There’s a lot to say about a single strand of facial hair.
The soul patch, on the other hand, which is essentially a cluster of hair beneath your chin, elicits a strong reaction: people either love it, hate it, wish it would go away, or simply enjoy the fact that it is facial hair without much effort.
The soul patch has a long and illustrious history. Its origins can be traced back to the 1940s, when beatniks and jazz connoisseurs roamed the planet (or least the United States).
The style was made popular by jazz musician Dizzy Gillespie, to the point where it was dubbed a “Dizzy Gillespie Beard,” but the soul patch went into hibernation for decades until reappearing in the late twentieth century.
Then there were sportsmen Apolo Ohno and Mike Piazza, as well as actor Luke Perry and his soul patch from “Buffy the Vampire Slayer.” The soul patch was quickly reintroduced into fashion, albeit only a small fraction of men still wear it now.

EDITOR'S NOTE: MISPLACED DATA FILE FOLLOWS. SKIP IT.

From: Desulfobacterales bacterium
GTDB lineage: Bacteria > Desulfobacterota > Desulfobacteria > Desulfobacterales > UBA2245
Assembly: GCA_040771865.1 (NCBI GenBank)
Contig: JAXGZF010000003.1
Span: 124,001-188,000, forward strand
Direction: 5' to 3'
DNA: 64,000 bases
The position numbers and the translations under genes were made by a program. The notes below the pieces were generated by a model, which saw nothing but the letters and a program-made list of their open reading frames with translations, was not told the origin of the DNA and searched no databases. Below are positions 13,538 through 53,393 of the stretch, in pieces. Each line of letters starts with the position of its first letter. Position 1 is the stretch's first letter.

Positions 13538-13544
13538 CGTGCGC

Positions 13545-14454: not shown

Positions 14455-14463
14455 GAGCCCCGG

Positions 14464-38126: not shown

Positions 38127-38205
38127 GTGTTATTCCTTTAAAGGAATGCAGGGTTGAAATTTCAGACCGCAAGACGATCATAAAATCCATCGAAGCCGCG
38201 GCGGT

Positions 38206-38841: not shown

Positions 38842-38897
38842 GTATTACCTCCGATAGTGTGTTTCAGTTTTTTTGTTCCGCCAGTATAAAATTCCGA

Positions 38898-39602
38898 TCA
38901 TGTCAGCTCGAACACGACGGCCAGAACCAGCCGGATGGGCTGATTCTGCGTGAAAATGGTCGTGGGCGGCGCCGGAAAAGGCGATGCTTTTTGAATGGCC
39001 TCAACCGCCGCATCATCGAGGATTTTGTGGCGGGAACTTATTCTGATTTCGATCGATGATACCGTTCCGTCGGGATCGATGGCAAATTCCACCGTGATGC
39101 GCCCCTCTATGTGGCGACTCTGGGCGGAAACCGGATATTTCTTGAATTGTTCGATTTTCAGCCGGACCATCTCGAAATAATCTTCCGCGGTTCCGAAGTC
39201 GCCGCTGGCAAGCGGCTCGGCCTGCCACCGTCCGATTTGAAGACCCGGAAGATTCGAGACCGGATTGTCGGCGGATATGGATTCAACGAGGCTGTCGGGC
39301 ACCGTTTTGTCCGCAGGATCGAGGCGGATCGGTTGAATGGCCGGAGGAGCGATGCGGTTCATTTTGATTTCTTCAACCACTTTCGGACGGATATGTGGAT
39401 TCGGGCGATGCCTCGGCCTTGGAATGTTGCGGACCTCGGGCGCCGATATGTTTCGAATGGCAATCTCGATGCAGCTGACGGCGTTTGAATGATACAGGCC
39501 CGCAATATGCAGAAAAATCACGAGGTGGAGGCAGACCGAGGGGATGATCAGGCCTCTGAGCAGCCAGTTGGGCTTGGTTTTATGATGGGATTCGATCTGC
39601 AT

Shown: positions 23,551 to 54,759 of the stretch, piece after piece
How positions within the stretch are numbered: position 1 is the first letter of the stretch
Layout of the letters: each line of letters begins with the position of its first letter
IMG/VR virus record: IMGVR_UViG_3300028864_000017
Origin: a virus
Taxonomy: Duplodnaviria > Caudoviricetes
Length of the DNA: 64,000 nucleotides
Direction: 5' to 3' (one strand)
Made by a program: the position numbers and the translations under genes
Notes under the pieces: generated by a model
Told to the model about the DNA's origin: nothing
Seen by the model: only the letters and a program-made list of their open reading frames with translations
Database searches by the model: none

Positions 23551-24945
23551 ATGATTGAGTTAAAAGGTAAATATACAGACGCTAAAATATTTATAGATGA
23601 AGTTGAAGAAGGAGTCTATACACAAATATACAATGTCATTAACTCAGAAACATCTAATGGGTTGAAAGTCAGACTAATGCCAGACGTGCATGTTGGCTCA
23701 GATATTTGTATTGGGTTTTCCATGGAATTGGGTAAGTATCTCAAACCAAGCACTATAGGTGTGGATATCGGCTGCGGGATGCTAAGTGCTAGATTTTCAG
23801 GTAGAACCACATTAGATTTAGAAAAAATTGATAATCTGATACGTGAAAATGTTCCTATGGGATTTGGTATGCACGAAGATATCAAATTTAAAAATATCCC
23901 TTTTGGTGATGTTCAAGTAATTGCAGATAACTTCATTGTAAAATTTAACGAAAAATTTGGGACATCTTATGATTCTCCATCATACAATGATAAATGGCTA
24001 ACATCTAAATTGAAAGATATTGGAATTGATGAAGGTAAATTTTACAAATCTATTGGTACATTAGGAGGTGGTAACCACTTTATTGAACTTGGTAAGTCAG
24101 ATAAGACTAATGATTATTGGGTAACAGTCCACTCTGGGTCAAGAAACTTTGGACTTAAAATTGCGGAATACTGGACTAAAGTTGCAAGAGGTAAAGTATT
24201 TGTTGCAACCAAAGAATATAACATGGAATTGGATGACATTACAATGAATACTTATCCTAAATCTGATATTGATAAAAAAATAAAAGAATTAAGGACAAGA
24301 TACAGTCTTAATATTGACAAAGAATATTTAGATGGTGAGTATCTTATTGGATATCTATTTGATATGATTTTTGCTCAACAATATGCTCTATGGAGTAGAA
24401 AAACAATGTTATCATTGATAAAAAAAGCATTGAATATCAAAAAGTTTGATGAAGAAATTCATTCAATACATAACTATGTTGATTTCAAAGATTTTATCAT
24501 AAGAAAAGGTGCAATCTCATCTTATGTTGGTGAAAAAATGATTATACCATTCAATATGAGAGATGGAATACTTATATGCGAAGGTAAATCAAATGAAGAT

You’re probably a little off-kilter if you wear a soul patch. In the 1950s and 1960s, it was a popular style among beatniks and hippies, and it undoubtedly portrays a laid-back attitude about life. It is regarded as “training wheels” for a full beard in some quarters.
What is the best face shape for the Soul Patch?
More facial shapes are compatible with the soul patch. It will, however, give you a more elongated appearance if you have a round face.
How to Develop a Soul Patch
It should start just below your lower lip, so allow a small gap between your lower lip and the beginning of your soul patch. The remainder of your face, however, including your neck, cheeks, and the rest of your chin, should be shaved.
You can choose the length and width of the soul patch, but don’t let it grow too large or it may mutate into something completely different. Keep the edges neatly trimmed at all times.
Who Wears the Soul Patch Famously?
The late, legendary blue guitarist Stevie Ray Vaughan, as well as actor Kevin Costner, have both worn the soul patch.
Stevie Ray Vaughan